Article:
Can't tell if those are full grain or not, so if those are made of a coated/pre-waxed leather this won't work so well, but YMMV.

I use a light leather moisturiser all over on my Docs (bought at any leather bag/coat retailer), let it soak in and then use an wax to rub all over, including seams and over rivets if I'm to be jumping through puddles. Wait a bit and then if there's excess afterwards you can wipe it off. Doc Martens Wonder Balsam is clear, mostly made of lanolin/beeswax/coconut oil and lasts forever - I'm using a pot bought ten years ago and there's still some left over. The moisturiser keeps the leather supple and the wax protects against rain and dirt. My Docs are still good twelve years later (with near daily wear), and the only place they've cracked is the very top edge of the boot where I always forget to treat. Everything else is still in top condition.

If your leather is pre-treated, styled or distressed, I don't know how much of that will soak in, so a weather-proofing spray might be more up your alley. Personally, when I tried spray on full-grain uncoated leather, it sort of sat on top and didn't really penetrate so while it helped with waterproofing, it didn't really keep the leather soft.

Nice boots!
posted by zennish at 11:18 AM on December 11, 2012


The first thing I'd do is take them to a shoe guy and get a topy/sole cover put on - maybe a more textured/winter boot one. Rich fellows like to talk about how leather feels best and sole covers ruin it, but leather wears through if you walk long distances and gets dinged up if you need to hop on your bike. Plus it's slippery on ice and vulnerable to salt. I put a moderately thin rugged-textured sole cover on everything except the very summeriest of cheap summer shoes, and it really helps. (Your classic fine-grained topy can be slippery too - that's why you should get the more robust kind.)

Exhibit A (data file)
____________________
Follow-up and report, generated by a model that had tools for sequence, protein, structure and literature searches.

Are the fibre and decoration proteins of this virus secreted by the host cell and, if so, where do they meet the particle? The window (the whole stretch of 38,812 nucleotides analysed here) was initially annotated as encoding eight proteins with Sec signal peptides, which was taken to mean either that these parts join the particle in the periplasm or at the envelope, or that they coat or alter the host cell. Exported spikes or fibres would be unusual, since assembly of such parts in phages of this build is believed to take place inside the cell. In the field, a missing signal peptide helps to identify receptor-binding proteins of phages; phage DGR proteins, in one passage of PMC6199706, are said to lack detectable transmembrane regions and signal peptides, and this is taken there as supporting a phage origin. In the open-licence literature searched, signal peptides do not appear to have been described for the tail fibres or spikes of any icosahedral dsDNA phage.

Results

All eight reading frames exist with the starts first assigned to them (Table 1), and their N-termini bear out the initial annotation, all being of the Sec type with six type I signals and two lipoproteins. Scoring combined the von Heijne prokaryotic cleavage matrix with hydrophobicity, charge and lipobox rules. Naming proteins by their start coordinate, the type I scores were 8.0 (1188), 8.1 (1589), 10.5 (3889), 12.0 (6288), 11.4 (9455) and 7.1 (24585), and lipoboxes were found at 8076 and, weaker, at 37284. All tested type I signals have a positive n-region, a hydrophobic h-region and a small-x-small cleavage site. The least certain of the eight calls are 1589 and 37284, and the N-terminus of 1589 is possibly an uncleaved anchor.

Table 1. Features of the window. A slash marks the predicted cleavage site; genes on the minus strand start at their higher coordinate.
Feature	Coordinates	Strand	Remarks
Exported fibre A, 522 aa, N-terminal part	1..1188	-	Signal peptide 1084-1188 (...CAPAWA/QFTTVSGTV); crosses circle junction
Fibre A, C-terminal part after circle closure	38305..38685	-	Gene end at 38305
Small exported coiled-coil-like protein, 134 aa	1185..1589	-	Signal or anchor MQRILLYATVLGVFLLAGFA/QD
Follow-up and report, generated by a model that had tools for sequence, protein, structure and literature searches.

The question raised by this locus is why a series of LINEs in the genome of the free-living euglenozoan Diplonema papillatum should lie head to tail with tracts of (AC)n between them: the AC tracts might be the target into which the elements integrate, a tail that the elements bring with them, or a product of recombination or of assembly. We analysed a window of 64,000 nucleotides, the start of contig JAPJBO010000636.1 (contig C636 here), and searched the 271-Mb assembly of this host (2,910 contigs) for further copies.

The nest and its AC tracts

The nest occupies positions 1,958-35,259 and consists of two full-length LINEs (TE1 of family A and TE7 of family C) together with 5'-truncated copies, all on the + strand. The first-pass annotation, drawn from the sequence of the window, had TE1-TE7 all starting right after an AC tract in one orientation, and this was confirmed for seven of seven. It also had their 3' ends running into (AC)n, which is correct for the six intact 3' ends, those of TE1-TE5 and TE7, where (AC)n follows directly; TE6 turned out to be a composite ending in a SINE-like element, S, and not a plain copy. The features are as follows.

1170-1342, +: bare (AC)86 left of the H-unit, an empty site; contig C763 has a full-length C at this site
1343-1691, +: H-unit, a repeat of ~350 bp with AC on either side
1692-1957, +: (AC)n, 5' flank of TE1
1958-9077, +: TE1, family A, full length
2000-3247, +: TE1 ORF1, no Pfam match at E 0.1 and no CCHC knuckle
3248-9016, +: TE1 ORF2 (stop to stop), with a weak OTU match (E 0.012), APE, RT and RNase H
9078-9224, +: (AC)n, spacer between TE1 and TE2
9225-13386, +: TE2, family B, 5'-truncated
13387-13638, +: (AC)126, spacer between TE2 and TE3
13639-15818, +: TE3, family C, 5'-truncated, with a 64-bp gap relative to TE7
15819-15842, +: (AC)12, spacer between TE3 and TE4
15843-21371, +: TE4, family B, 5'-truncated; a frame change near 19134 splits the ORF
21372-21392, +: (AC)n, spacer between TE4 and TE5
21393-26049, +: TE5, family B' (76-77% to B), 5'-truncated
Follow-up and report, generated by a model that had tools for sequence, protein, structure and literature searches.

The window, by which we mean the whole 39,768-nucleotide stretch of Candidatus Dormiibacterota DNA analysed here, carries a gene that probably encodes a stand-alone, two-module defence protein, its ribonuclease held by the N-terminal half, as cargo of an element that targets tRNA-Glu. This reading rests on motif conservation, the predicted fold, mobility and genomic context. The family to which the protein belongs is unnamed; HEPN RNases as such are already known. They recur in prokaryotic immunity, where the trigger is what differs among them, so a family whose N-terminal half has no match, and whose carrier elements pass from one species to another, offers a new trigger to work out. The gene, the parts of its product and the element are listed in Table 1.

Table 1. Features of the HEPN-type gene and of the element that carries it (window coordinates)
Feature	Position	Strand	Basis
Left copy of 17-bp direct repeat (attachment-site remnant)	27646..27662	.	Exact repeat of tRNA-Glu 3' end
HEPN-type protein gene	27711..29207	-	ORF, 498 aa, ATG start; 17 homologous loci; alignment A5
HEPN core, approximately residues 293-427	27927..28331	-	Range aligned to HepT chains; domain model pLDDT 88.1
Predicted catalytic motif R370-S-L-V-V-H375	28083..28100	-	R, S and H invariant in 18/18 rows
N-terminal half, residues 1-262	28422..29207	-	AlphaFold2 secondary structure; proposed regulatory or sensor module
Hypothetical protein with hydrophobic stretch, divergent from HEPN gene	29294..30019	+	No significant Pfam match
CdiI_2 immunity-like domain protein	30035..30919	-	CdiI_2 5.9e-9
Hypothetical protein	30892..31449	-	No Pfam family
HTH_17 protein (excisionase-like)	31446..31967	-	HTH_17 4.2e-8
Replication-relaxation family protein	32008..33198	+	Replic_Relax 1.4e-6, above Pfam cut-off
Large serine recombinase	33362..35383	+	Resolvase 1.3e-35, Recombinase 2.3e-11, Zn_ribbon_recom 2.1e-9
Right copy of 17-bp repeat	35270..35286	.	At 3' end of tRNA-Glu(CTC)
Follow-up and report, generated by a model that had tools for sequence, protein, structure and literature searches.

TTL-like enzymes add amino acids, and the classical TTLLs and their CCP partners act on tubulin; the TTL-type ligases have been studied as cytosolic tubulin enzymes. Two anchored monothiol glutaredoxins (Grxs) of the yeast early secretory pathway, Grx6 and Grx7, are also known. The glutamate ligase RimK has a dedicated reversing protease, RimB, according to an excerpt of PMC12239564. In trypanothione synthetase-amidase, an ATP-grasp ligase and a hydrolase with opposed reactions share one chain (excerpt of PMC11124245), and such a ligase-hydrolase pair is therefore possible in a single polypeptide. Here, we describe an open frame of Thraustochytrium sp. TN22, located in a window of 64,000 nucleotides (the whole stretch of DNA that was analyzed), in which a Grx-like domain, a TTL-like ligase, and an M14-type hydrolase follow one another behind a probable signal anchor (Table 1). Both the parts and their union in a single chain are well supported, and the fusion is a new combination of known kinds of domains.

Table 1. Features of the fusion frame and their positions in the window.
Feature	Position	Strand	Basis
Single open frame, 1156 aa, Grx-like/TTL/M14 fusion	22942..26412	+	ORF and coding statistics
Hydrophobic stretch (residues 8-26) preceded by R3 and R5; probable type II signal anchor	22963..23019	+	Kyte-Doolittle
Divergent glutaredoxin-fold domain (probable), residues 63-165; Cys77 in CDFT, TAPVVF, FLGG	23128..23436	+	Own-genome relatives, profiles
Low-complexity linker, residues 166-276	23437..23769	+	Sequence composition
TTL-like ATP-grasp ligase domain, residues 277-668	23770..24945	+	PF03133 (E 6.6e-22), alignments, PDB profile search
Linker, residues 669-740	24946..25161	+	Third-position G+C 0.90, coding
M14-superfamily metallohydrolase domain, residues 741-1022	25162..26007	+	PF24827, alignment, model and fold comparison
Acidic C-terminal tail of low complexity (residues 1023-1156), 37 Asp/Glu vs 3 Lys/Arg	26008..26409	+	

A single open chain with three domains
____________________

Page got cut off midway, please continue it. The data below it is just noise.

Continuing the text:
I live in the snowy, grit-and-salt-covered midwest. I rotate my boots - I mean, I don't wear the same pair day after day, especially when they get wet. Every other or every third day is the most often that I wear any given pair. This allows them to dry completely from foot sweat and water between wearings.

I should brush and wipe my boots down more assiduously than I do. I probably polish once every couple of weeks, using a wax polish on wintery boots. Ask your cobbler which he recommends. (I don't like Meltonian or Kiwi very much - too much build-up. My shoe guy recommends Collonil Waterstop Shoe Cream, which I have not used since I use a poncy French kind. You could use a thin layer of this and finish with wax.

Also, you should get a pair of wooden shoe trees - not the plastic ones, as these do not facilitate drying. IME, you don't need a pair of shoe trees for every pair of shoes, but you do need enough trees that you can let each pair dry thoroughly while treed - so I have about ten million pairs of shoes (mostly gently used via eBay) and probably five sets of shoe trees.

As you probably know, don't place your shoes near a radiator or other heat source to dry out.
posted by Frowner at 11:42 AM on December 11, 2012 [4 favorites]


Even more rugged than Topy are the Vibram lug half soles but they may compromise the look and make them look more like work boots.
posted by cazoo at 12:39 PM on December 11, 2012